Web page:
Tilting at the Right, Leaning to the Left
"It's not that they never present the other point of view," Greenwald says of Fox. "It's that they present, a percentage of the time, one point of view." While he considered including some of the non-conservative voices on Fox, he says, "it's a film. At times you make the decision -- that's not so interesting."
Greenwald does highlight instances in which anchors put plenty of topspin on the ball. David Asman, teasing an upcoming segment with the headline "Jobs Killer?," said: "John Kerry's plan to bring millions of jobs back to America, well, someone here says, watch out! Kerry's plan will end up killing more jobs instead."
Still, some of the editing in the movie is questionable. In a montage involving criticism of Kerry's tax policies, political correspondent Carl Cameron is shown saying: "If you want to destroy jobs in this country, you raise taxes." Left on the cutting-room floor is that Cameron was quoting Commerce Secretary Don Evans.
During the debate over former counterterrorism chief Richard Clarke, a Fox anchor is seen in the movie calling his book "an appalling act of profiteering" -- but he was quoting Senate Majority Leader Bill Frist. Fox hosts criticizing Clarke are mixed in with such administration officials as Condoleezza Rice and Scott McClellan, who were saying the same things on other networks. A split-screen debate on Fox between conservative Rich Lowry and liberal Ellen Ratner used only Lowry in the movie.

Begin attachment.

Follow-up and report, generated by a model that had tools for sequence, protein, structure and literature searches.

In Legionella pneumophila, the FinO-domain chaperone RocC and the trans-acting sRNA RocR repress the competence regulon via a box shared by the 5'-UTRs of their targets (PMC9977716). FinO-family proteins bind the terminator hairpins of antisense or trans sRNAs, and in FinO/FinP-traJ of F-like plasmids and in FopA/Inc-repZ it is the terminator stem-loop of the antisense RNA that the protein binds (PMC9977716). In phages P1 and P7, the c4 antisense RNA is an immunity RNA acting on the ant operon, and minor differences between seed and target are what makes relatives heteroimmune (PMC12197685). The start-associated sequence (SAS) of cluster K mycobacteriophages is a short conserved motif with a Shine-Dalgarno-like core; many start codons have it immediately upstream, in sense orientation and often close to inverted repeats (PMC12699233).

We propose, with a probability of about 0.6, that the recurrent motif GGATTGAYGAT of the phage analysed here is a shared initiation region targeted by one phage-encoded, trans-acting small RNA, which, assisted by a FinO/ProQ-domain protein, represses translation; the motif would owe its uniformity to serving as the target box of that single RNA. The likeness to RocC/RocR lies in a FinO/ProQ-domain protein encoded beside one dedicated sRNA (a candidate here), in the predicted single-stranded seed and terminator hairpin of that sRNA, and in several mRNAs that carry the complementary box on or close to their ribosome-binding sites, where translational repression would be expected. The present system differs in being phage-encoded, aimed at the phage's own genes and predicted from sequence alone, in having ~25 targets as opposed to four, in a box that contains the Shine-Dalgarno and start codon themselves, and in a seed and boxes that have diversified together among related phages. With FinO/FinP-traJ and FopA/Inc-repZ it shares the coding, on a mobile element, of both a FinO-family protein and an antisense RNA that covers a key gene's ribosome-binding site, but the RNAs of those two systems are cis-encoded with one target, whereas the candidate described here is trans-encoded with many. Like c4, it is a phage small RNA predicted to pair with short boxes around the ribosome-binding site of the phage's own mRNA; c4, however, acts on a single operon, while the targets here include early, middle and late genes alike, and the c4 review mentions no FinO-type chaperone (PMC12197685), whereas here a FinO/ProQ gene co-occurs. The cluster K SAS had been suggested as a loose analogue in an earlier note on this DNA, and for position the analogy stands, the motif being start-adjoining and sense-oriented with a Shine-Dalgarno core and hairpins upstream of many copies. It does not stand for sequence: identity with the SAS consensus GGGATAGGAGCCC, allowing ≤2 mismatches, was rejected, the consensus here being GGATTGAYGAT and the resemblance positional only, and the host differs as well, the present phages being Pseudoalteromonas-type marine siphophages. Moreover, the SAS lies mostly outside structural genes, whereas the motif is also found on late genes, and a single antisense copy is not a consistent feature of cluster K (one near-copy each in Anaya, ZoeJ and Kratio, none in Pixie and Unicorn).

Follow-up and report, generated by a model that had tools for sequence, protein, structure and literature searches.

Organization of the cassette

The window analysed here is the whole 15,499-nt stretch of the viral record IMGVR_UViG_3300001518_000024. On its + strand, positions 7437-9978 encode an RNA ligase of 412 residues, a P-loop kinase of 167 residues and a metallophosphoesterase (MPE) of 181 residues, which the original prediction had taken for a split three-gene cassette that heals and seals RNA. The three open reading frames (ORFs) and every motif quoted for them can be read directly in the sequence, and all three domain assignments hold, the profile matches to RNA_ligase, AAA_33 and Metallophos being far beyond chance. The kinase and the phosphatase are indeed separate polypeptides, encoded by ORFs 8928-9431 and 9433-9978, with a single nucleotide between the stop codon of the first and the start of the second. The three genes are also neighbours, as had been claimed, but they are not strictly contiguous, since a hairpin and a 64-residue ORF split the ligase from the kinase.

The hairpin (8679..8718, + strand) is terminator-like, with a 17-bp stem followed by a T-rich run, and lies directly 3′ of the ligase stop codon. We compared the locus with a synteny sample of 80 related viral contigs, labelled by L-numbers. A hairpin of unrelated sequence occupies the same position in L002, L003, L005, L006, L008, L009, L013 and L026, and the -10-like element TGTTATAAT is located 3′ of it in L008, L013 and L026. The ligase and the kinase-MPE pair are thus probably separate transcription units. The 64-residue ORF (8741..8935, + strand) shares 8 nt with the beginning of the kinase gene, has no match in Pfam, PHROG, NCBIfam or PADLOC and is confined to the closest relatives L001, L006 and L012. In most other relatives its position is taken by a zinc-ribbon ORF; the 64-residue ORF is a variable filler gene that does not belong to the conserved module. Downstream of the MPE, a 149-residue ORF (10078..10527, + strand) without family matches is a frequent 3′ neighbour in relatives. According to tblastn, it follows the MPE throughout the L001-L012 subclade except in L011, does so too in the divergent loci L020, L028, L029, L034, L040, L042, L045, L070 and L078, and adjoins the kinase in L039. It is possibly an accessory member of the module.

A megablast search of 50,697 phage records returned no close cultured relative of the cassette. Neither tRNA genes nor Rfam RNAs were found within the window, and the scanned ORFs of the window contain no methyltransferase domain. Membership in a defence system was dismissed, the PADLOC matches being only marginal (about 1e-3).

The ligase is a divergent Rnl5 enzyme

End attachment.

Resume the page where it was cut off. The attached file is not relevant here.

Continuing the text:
One embarrassing moment in the movie shows Cameron getting ready to interview candidate Bush in 2000. "My wife has been hanging out with your sister" as she goes "all over the state campaigning," he told the candidate. Cameron says in an interview that his wife talked about becoming a Republican volunteer in Montgomery County but never did and never joined the Bush campaign.
Fox wins no awards for decorum. O'Reilly is seen saying he has only once told a guest to shut up, then in several quick cuts telling guests to "shut up," cutting one man's mike, and telling Franken at a book fair to "shut up."
Why has Fox, which outdraws the other cable news channels, become such a fat target? "Being the most popular news network in the country has a lot to do with it," says Fox's Moody. "To say that what Bill O'Reilly says at 8 o'clock is the same as our hard-news coverage, it's simply not. If you watch our news coverage, you'd have a hard time coming to the conclusion that we're covering a different agenda than everybody else."
Will "Outfoxed" change many minds? "If this can get a good, vigorous debate going," Greenwald says, "I'll be a very happy camper."
© 2004 The Washington Post Company